Understanding How Family Science Interns Conceptualize Social Justice
This study examined the connection between social justice and internships in Human Development and Family Science. In particular, the study sought to provide additional clarity to current conceptualizations of social justice by adding the voices of undergraduate family science students. In-depth qualitative interviews were conducted with 20 family science students who completed an internship that was part of a federally funded HIV/substance abuse prevention initiative. The initiative took place in an economically disadvantaged city in the northeast. Eleven themes emerged from the data and were organized according to the sensitizing concepts of (i) conceptions of social justice; (ii) exposure to social justice; (iii) synthesis of knowledge. Implications for education and training are discussed.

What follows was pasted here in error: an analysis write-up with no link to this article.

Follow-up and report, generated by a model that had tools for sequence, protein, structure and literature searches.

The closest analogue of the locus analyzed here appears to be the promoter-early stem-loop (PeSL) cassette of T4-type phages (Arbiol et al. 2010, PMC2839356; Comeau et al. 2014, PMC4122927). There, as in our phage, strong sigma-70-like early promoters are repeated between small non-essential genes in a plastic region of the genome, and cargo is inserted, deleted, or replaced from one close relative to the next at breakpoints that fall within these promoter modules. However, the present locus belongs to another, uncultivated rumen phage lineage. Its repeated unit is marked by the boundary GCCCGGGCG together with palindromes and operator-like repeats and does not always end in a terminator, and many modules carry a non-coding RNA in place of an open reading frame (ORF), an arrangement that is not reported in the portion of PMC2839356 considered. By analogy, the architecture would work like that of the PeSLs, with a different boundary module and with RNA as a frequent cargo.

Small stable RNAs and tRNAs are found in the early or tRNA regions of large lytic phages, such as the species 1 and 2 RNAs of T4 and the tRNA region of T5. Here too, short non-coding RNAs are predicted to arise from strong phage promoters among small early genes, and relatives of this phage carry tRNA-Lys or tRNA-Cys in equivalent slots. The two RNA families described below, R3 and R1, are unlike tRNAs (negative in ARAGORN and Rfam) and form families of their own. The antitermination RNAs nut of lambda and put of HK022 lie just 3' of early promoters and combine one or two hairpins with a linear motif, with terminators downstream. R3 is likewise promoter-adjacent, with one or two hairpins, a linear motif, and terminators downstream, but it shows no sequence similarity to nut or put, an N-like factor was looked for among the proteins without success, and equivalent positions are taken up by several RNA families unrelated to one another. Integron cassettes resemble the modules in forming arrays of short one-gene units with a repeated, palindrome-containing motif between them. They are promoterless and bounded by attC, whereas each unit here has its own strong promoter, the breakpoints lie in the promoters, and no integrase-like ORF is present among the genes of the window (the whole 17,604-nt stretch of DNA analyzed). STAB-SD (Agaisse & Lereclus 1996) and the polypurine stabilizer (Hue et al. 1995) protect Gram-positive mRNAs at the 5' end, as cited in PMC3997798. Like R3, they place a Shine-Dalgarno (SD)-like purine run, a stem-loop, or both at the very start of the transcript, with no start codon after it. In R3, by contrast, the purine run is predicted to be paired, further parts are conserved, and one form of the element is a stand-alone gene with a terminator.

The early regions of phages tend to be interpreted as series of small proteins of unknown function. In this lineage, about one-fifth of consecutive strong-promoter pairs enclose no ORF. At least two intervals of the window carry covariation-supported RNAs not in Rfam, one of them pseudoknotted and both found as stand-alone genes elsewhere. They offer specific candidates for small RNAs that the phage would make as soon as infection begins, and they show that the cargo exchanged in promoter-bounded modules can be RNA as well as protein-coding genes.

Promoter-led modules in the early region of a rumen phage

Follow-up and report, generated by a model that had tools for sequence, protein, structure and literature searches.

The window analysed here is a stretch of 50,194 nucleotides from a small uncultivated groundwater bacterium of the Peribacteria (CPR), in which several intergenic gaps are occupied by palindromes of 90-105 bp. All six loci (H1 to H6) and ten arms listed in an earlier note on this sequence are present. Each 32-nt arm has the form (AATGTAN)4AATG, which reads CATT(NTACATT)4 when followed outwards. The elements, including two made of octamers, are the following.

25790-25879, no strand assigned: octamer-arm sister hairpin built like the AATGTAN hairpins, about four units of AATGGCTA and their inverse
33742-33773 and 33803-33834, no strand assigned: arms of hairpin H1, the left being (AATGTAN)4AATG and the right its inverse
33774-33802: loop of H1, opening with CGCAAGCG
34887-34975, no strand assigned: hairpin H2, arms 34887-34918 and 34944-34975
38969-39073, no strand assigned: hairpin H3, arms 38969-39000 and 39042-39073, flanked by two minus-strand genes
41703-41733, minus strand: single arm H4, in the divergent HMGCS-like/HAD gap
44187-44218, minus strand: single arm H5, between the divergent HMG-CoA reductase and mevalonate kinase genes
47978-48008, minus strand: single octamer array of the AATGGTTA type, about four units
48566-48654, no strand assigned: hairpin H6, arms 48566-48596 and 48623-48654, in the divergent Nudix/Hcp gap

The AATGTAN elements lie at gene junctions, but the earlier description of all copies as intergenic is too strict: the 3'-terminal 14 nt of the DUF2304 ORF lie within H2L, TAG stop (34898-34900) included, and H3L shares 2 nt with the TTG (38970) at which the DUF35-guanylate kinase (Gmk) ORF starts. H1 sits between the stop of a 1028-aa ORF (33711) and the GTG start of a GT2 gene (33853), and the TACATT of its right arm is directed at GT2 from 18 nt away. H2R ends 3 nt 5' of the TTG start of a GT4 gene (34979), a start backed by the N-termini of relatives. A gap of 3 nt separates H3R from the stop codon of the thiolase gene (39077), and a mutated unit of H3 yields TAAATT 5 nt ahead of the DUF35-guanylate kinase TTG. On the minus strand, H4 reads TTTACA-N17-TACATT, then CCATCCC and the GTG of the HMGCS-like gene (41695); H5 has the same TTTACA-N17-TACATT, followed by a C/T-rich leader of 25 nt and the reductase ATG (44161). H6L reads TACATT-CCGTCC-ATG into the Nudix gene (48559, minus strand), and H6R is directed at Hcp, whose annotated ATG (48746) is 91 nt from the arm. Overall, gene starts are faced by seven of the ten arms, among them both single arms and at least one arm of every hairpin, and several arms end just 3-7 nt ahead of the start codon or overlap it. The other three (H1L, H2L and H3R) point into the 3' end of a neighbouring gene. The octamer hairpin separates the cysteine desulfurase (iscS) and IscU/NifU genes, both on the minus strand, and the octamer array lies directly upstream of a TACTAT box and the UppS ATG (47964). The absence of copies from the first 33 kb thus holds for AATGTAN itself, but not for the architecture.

MSU Digital Commons Citation
Garcia-Reid, Pauline; van Eeden-Moorefield, Bradley; Forenza, Bradley; Reid, Robert; Eckert, Caitlin; and Lardier, David T., "Understanding How Family Science Interns Conceptualize Social Justice" (2016). Department of Family Science and Human Development Scholarship and Creative Works. 188.